If…if…if…if…pigs had wings they could fracking fly.

  • Lord Inquisitor says:

    Weeeeeeeell, one giraffe only if you tie it.

  • Ivan Hristov says:

    0:35 this is not true at all. Look at the double slit experiment.

  • 1wsx10 says:

    sub orbital trajectories are NOT parabolas, if all the earth's mass was at its center, so the ball wouldn't hit, its trajectory would be an oval, hence, sub orbital trajectories are parts of an oval. very different from a parabola

  • Leyla Ismayil says:

    Old, but good

  • Patterns After Patterns says:

    Life is in absolute control, and everything is balanced. Free will is an illusion.
    Before arguing this, see: "The Present" at TruthContest•Com

  • نجاح ماجود says:

    Thank you for this distinctive sections

  • Jones Njoroge says:

    That did make any sense. Electrons don't just float around; they would bond to a molecule with a week outer electron layer that wants an extra electron.

    I don't get it…

  • Devinder Singh says:

    Hey ! Can u explain or create a video on laser. I want to know more about them.

  • Zxenmusic says:

    Hi, I'm from the future. It turns out that subatomic particles are contained within an external bubble of thicker spacetime fabric, which is temporarily borrowed from any area surrounding it within the continuum. This fabric bubble prevents particles from disintegrating in slight friction. Fabric bubble surface tension is more repulsive with certain particles, so will allow some particle types to travel directly through dense matter (consisting of particles with their own bubbles of spacetime fabric). Bubbles are often much larger than the particles they contain, and will pass through other bubbles of spacetime fabric without colliding. Upon impact with particles (matter) that are dense or fast moving enough to disperse the bubble (or more importantly the density of the spacetime fabric surrounding it), the bubble will break and the particle will be free to integrate with or bounce off the impact material. Bubbles can be much larger than the particles they hold.

  • Maciej Ma says:


  • Anas Sy says:

    fantastic show  finalu i understand two slight experient

  • Keith Lovelock says:

    Listen up…there is NO wave/particle duality problem,when then the missing component of light is correctly added to the Z axis.Find out why this misinterpretation & that of the photo electric effect,created the monster that is relativity & quantum that has lead physics off on the wrong tangent for a century! check out "Missing Secrects of Magnetism" by the brilliang Ken L Wheeler.(yeah,it's a free download & there is not one physicist on the planet who can challenge this,or has the guts to put his hand up to agree!)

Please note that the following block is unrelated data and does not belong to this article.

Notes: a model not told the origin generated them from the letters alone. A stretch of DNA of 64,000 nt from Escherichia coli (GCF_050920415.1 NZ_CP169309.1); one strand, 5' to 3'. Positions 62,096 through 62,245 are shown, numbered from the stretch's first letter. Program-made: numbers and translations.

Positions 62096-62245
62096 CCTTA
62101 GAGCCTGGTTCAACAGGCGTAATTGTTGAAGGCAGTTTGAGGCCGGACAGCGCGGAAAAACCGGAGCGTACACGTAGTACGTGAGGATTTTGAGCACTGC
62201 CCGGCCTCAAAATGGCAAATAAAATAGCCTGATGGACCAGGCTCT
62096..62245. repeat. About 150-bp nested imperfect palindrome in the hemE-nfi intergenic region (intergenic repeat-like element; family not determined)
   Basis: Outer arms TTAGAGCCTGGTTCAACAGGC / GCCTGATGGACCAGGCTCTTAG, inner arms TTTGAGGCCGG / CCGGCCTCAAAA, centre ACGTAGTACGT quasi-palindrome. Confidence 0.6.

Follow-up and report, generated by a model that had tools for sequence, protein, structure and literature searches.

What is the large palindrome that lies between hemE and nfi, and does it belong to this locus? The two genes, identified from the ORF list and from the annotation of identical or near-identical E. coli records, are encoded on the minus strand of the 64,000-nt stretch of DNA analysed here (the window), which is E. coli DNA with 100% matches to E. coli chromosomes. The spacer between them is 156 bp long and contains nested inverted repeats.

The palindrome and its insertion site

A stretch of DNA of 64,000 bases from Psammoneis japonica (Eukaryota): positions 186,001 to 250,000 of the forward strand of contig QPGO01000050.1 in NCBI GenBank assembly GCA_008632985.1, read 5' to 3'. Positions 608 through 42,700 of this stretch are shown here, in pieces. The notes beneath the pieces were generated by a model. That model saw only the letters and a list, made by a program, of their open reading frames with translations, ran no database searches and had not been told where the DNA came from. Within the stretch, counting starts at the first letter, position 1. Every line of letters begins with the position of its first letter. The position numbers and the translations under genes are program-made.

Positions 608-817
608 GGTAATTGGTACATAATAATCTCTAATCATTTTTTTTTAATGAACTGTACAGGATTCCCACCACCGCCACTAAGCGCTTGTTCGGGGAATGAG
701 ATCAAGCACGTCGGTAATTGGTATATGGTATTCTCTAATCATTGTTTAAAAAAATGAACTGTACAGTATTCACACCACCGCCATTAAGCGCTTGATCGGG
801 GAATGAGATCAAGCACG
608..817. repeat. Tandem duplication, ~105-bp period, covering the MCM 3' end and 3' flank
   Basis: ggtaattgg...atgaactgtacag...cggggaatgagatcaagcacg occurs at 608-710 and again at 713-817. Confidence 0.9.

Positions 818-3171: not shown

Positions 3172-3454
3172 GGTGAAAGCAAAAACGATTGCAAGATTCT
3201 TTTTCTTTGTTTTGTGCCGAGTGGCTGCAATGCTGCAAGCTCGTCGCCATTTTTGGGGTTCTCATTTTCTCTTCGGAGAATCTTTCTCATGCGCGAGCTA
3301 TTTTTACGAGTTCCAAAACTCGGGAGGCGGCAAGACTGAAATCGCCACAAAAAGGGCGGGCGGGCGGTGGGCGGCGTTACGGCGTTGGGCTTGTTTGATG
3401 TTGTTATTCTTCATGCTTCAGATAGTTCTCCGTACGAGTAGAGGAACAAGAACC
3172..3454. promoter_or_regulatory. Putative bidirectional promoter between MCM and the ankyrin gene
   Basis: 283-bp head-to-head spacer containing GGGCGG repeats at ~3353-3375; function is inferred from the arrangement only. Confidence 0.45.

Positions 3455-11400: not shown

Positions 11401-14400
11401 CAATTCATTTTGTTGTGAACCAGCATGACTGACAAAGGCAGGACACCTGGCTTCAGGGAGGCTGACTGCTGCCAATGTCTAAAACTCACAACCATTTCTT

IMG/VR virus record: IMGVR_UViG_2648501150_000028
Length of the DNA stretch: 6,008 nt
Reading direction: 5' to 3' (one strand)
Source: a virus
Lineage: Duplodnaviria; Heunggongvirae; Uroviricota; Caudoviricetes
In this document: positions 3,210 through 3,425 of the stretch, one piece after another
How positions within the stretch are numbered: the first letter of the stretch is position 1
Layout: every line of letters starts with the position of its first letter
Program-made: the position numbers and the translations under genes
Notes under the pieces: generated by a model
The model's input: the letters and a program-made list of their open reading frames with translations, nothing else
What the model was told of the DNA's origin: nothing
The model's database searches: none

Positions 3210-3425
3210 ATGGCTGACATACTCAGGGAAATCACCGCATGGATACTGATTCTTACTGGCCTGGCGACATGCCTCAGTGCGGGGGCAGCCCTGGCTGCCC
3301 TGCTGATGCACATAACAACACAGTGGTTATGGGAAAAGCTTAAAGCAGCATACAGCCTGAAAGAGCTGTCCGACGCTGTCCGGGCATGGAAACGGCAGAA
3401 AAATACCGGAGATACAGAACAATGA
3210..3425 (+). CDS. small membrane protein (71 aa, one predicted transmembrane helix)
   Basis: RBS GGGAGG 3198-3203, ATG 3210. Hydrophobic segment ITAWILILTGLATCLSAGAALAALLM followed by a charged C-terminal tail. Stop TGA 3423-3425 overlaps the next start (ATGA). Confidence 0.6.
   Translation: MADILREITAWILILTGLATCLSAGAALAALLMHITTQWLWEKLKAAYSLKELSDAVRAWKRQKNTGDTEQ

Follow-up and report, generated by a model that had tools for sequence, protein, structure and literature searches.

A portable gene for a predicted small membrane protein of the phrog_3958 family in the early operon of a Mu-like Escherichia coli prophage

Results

• i eat says:

    physics is usefull after all.. i mean now i can draw better with crayons.. thbkxz physics.

  • Mother Fucker says:


  • 忍者Darkside says:


  • starview1 says:

    Particles can be in two places at the same time. In its totality, therefore, nature is dual. None of its components can only be considered as a particle or as a wave. To understand this fact, Niels Bohr introduced in 1923 the Complementarity Principle: simply put, every component in nature has a particle, as well as a wavelike character, and it depends only on the observer which character he sees at any given time. What if? When we sleep a part of us goes somewhere else or to multiple places,which in part produces some of our rather odd dreams,the mind wandering the existence when its free to do so when we sleep,rather than just playing back a contrivance of previously experienced events. Just wondering for now,just a thought,all be it a bit of an odd thought.Taking a trip but never leaving the farm (so to speak). Thinking of you. Well time now for KFC

  • Loki Beckons says:

    pls talk a lil slower, love the explanations <3

  • Madhab Koirala says:

    Frame dragging is responsible for wave particle duality.Can you explain it?

  • Hasir Mushtaq says:

    If light acts as a particle then why dont two particle collide with each other when we use two torches perpendicular to each other?

  • Hasir Mushtaq says:

    What happens when green light passes through a prism? Does it split into anything like white light?

  • J Kaner says:

    Trying to get my head round all this. How do they know for sure they're only firing one electron at a time? I know I'm probably picturing this wrong when I think of the electrons being fired out, but I imagine a gun, securely set up, firing one bullet at a time hitting, or being very,very close to where the first bullet landed one after the other. So why do the electrons go all over the place when fired one at a time? Why aren't they behaving like bullets would? I mean, even a sub machine gun firing one bullet at a time wouldn't spray them about, well it might if I was holding and firing it, but if it's securely held in place I wouldd've thought the bullets would more or less hit the same spot. Any budding physicists out there know where I'm going wrong with my gun/bullet analogy and how they know for sure they're only firing one electron at a time?

  • M says:

    Episode 3. Name changed from One Minute Physics, to minute physics.

  • M says:

    Episode 4: previous video "outro"

  • rdococ says:

    Wait. When the electron hits the wall and repels the electrons in the wall, it will bounce, right? Now imagine the wave bouncing. Isn't that the same thing? What if all matter is made out of waves?

  • Nice Try M9 says:

    isn't the huge BH is the center of the galaxy who attract the stars? which form then a galaxy.

  • Don Williams says:

    Lol back in the day when he had to edit each video to be under 1 minute long

  • Nishanth Moolam says:

    am i the only one who got the "toot your horn" joke???

  • jakeflow says: